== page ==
A US power company battery technician was on his break when he noticed smoke coming from his truck. And the culprit? A bottle of water! “I looked over and noticed light was being refracted through a water bottle and starting to catch the seat on fire,” Dioni Amuchastegui said in a video shared on the company’s Facebook page on July 13.
The evidence shows why you shouldn’t leave a water bottle in a hot car. Two burn marks were left on the seat of Dioni’s vehicle.
In a test conducted by a US fire department, sunlight magnified by a water bottle reached 250 degrees. The sunlight will come through, when it’s filled with liquid, and act as a magnifying glass as you would with regular optics. It uses the liquid and the clear material to develop a focused beam and sure enough. It can actually cause a fire, a combustion.
In conclusion, the risk of such a disaster occurring is low. Officials say that taking water bottles with you when exiting the car is the best way to prevent this type of fire.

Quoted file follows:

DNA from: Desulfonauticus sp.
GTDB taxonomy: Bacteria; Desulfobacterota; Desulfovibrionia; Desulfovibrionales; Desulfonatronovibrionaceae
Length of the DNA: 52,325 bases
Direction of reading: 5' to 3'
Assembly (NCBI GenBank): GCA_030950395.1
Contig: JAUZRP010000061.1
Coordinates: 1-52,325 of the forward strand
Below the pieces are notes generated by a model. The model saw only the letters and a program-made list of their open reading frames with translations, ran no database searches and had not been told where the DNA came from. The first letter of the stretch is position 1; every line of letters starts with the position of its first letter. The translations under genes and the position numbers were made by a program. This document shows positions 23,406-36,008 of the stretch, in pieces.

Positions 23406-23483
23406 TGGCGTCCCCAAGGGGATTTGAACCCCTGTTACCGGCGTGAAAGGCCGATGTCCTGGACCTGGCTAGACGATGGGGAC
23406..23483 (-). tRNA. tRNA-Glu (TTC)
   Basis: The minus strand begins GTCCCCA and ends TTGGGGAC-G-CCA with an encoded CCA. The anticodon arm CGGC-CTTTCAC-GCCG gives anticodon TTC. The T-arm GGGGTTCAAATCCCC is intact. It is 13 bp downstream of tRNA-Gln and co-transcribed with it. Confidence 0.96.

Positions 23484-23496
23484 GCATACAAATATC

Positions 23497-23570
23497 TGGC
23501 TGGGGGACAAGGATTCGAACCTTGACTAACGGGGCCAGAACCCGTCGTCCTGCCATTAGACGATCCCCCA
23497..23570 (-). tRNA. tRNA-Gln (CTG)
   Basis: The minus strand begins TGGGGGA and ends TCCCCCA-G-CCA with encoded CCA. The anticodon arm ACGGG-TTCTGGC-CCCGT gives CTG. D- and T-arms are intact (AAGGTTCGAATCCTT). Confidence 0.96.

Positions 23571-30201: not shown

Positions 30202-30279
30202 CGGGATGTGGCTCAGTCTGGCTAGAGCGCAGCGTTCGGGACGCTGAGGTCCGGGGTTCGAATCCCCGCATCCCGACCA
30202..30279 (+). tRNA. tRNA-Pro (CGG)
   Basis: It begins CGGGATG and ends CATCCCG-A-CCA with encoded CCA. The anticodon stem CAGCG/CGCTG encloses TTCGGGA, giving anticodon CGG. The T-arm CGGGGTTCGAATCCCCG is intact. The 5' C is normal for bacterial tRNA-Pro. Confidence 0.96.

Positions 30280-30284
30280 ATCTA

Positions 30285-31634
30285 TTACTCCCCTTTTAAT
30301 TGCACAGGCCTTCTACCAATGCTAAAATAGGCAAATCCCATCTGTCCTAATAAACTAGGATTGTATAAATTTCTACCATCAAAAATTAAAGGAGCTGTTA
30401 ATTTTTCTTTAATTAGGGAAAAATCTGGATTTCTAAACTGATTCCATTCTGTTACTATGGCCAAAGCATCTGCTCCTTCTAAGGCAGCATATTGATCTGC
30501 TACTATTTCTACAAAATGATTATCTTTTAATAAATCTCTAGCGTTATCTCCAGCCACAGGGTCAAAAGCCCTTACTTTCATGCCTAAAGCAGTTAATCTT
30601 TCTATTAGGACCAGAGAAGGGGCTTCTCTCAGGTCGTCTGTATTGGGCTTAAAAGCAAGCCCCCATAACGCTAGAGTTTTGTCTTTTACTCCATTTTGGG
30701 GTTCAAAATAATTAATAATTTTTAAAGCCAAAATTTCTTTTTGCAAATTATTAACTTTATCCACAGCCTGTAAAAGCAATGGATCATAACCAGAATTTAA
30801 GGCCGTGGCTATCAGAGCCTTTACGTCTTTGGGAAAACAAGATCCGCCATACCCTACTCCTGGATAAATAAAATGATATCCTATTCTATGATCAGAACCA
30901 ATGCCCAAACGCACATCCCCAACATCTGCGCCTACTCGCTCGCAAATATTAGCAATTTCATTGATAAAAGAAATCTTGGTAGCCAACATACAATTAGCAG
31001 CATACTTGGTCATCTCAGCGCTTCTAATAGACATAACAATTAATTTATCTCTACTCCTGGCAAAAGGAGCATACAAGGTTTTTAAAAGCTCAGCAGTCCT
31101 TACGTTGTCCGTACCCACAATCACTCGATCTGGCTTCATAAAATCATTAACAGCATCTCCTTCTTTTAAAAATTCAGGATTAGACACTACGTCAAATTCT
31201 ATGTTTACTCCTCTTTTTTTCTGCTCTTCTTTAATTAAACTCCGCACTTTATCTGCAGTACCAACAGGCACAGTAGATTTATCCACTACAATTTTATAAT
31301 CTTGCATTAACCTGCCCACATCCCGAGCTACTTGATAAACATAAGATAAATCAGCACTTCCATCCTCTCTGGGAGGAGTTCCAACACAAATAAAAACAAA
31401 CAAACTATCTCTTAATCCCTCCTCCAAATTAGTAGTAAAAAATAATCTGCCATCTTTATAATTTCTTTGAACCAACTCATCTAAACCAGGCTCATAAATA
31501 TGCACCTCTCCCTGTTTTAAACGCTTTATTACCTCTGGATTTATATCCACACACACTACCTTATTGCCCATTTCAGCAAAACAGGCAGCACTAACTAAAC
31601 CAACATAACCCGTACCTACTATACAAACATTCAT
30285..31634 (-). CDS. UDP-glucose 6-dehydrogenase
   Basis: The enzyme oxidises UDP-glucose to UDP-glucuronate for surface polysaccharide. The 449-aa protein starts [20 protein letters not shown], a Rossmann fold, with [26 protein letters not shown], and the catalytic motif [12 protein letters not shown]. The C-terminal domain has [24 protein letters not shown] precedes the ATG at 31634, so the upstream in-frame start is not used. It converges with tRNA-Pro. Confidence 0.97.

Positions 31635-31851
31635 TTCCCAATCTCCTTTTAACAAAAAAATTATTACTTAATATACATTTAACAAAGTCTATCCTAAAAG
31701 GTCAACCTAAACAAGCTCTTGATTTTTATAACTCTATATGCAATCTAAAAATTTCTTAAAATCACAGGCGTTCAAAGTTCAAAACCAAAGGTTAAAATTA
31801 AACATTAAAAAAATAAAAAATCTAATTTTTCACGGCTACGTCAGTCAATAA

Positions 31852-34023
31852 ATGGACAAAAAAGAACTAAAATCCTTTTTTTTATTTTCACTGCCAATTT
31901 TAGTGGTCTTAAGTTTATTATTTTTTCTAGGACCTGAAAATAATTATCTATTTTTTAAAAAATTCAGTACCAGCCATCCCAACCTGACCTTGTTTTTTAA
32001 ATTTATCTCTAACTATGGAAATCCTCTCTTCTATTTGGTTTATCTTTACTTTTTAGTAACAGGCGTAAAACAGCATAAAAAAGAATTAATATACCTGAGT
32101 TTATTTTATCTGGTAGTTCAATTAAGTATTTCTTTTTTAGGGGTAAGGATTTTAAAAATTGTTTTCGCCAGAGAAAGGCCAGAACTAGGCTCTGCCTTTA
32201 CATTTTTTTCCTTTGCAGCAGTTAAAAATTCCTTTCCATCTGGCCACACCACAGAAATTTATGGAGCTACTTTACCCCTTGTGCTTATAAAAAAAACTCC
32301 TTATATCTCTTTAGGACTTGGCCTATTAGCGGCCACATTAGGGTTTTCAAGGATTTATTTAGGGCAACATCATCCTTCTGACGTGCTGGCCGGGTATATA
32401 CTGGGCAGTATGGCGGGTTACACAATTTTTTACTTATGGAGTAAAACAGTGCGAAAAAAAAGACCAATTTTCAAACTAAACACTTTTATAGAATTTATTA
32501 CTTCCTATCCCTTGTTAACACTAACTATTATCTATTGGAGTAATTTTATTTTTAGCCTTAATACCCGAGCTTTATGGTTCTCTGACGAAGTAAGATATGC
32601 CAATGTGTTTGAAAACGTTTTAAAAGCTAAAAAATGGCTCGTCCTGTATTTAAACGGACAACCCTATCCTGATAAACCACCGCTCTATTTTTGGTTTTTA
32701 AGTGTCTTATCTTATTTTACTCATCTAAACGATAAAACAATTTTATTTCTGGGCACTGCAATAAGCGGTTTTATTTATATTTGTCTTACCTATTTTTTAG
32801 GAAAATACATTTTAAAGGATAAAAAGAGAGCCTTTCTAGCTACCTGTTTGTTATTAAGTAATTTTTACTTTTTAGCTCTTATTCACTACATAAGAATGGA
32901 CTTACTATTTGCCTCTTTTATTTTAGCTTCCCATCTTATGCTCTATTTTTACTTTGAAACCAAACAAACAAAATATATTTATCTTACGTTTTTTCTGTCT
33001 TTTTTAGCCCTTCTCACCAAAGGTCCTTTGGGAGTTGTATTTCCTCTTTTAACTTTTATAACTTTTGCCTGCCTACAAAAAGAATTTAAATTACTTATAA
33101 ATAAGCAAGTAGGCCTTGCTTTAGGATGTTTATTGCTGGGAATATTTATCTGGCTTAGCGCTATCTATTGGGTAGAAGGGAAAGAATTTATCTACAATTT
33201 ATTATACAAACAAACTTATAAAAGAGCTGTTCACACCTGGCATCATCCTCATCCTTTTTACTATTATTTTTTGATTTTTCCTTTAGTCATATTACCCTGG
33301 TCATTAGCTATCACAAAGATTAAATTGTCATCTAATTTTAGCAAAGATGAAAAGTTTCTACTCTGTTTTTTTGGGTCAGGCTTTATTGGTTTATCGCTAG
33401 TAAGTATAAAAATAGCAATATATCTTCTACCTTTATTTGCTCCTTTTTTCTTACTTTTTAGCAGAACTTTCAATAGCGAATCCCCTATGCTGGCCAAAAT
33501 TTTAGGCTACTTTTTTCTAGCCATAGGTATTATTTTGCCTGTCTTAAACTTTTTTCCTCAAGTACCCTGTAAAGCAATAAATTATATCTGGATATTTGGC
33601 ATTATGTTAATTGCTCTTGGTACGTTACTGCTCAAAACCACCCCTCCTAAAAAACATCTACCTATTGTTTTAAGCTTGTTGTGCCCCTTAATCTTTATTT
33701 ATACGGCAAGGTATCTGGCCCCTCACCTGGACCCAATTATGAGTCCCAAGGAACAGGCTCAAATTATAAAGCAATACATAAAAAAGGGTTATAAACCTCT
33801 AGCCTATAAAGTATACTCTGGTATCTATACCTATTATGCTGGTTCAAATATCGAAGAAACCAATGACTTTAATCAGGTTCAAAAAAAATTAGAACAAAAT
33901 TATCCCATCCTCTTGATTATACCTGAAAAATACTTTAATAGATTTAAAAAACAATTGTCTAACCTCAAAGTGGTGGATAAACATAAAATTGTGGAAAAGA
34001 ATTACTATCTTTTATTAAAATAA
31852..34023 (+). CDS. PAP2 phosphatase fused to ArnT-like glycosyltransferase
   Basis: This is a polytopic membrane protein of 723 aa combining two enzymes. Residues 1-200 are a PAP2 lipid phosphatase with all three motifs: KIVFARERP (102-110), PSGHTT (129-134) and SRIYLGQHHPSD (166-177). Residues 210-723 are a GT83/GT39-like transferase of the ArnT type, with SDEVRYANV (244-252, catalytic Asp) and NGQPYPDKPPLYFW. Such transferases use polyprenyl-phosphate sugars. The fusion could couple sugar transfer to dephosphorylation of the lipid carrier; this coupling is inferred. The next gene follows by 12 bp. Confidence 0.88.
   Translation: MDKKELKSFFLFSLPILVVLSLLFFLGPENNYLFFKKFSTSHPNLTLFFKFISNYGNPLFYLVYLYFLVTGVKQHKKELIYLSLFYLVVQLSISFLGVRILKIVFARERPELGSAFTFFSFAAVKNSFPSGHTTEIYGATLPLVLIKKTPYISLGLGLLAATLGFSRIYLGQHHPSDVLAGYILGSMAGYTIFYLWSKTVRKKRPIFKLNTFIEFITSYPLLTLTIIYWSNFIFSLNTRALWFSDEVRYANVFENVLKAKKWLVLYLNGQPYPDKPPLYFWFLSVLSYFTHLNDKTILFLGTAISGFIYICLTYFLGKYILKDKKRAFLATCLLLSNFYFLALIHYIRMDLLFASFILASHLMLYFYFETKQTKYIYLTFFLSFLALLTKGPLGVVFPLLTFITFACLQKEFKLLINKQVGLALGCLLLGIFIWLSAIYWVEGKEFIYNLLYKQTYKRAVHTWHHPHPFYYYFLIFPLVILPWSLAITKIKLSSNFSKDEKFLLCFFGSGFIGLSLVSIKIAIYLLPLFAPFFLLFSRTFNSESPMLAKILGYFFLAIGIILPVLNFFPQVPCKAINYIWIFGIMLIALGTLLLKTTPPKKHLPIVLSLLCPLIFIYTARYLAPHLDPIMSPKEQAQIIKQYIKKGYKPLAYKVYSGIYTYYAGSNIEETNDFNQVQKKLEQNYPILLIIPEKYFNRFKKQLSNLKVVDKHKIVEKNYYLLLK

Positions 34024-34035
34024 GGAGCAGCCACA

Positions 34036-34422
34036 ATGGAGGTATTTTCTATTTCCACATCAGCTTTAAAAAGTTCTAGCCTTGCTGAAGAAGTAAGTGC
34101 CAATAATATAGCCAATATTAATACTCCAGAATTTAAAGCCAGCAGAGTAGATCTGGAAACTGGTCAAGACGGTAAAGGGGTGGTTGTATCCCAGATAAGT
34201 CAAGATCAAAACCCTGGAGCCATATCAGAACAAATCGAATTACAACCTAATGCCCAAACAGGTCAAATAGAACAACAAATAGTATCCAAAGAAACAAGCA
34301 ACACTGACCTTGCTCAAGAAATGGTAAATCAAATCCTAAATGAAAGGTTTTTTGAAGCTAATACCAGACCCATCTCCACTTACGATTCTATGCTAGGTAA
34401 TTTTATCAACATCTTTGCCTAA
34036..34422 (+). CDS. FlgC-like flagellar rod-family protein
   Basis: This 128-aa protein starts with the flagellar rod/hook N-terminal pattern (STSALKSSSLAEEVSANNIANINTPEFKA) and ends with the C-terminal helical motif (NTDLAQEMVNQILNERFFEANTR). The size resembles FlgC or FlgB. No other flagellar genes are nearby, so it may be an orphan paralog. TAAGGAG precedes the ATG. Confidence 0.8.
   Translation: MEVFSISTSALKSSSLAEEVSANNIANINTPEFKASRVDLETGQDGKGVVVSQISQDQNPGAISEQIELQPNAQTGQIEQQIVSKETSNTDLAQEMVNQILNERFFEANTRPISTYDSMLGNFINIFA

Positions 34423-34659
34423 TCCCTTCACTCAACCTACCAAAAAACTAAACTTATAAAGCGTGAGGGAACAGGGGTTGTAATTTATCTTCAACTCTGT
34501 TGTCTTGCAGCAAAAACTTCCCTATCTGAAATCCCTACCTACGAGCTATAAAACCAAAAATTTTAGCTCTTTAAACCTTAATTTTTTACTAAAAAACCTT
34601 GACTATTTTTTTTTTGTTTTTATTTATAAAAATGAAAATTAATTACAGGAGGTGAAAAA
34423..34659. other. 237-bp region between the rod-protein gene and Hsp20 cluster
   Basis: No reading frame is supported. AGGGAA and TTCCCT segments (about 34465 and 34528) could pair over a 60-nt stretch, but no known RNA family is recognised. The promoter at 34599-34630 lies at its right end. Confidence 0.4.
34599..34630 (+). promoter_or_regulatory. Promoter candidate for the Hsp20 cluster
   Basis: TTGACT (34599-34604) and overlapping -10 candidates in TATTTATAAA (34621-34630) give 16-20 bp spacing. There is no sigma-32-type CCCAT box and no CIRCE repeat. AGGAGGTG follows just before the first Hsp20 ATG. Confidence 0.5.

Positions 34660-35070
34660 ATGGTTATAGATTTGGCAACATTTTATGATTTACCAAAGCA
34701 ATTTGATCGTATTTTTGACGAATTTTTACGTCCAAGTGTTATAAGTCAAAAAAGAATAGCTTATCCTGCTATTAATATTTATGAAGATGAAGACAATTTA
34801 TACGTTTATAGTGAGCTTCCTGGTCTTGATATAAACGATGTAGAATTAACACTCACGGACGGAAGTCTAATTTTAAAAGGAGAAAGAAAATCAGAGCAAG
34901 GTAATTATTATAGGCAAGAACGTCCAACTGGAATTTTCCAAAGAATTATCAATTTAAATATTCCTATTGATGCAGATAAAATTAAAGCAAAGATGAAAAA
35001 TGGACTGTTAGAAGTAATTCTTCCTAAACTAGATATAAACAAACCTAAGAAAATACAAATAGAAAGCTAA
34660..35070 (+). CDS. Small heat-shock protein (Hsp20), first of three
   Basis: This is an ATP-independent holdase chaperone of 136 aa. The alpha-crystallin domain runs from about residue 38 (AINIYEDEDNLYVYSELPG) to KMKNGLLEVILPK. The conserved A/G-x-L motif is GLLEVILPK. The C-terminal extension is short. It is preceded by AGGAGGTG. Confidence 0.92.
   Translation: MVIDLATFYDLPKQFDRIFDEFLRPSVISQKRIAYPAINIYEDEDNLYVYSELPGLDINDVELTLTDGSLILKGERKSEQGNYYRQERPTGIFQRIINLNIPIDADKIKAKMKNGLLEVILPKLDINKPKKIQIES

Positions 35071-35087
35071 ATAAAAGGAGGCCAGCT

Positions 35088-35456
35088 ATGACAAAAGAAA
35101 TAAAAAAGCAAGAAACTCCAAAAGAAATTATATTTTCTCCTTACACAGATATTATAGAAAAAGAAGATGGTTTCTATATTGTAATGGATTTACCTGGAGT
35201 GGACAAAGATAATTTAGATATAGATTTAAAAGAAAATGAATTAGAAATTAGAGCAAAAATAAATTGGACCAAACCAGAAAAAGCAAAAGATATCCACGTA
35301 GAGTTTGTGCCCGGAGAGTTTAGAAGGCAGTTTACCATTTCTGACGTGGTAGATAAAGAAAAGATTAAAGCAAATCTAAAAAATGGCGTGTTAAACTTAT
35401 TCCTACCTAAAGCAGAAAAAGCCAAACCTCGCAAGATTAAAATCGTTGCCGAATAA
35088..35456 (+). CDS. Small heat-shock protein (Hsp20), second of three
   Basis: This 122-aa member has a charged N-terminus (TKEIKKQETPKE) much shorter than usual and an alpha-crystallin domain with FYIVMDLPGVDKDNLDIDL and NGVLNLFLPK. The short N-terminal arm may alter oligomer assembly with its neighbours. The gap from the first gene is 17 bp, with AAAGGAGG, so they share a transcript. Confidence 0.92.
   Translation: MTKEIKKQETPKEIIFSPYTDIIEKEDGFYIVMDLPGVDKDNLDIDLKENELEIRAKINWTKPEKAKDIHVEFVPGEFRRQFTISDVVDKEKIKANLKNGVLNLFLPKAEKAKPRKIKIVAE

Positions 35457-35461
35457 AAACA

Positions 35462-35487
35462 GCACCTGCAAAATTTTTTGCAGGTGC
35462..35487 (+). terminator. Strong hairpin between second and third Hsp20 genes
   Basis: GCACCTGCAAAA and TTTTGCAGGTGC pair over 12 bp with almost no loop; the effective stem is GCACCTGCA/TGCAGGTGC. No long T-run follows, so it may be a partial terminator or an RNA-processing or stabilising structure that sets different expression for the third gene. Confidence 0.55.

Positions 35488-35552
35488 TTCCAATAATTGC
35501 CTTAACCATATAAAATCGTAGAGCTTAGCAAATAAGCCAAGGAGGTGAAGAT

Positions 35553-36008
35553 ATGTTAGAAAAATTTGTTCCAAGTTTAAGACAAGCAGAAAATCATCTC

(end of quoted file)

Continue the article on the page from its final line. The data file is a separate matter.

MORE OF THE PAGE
Study suggests that leaving a water bottle in a hot car could release harmful chemicals in plastic bottles.
A new University of Florida study looked at 16 brands of bottled water. The findings might impact current recommendations surrounding BPA levels in plastic water bottles. While the current low levels in the plastic have been deemed safe. The researchers for this study watched these supposedly harmless levels grow over a four-week period when left in 70 °C heat.
Although this extreme heat is a worst case scenario. Drivers can certainly relate to finding a lost water bottle on the floor of the car and drinking it, no matter how long the bottle has lived there. If you’re parked in the sun on a hot summer day, the car’s internal temperature can reach between 55-77 °C. Plastic water bottles are made from polyethylene terephthalate. A material that’s used for a lot of packaging since it’s lightweight, durable, and shatterproof. However, when heated, it releases the chemical BPA. Which some experts say can affect hormone levels by mimicking estrogen, and may trigger health risks if exposed at high levels. While the initial levels of BPA found in the 16 brands did not exceed EPA standards for these chemicals. Scientists are more concerned about how the chemicals increased over time.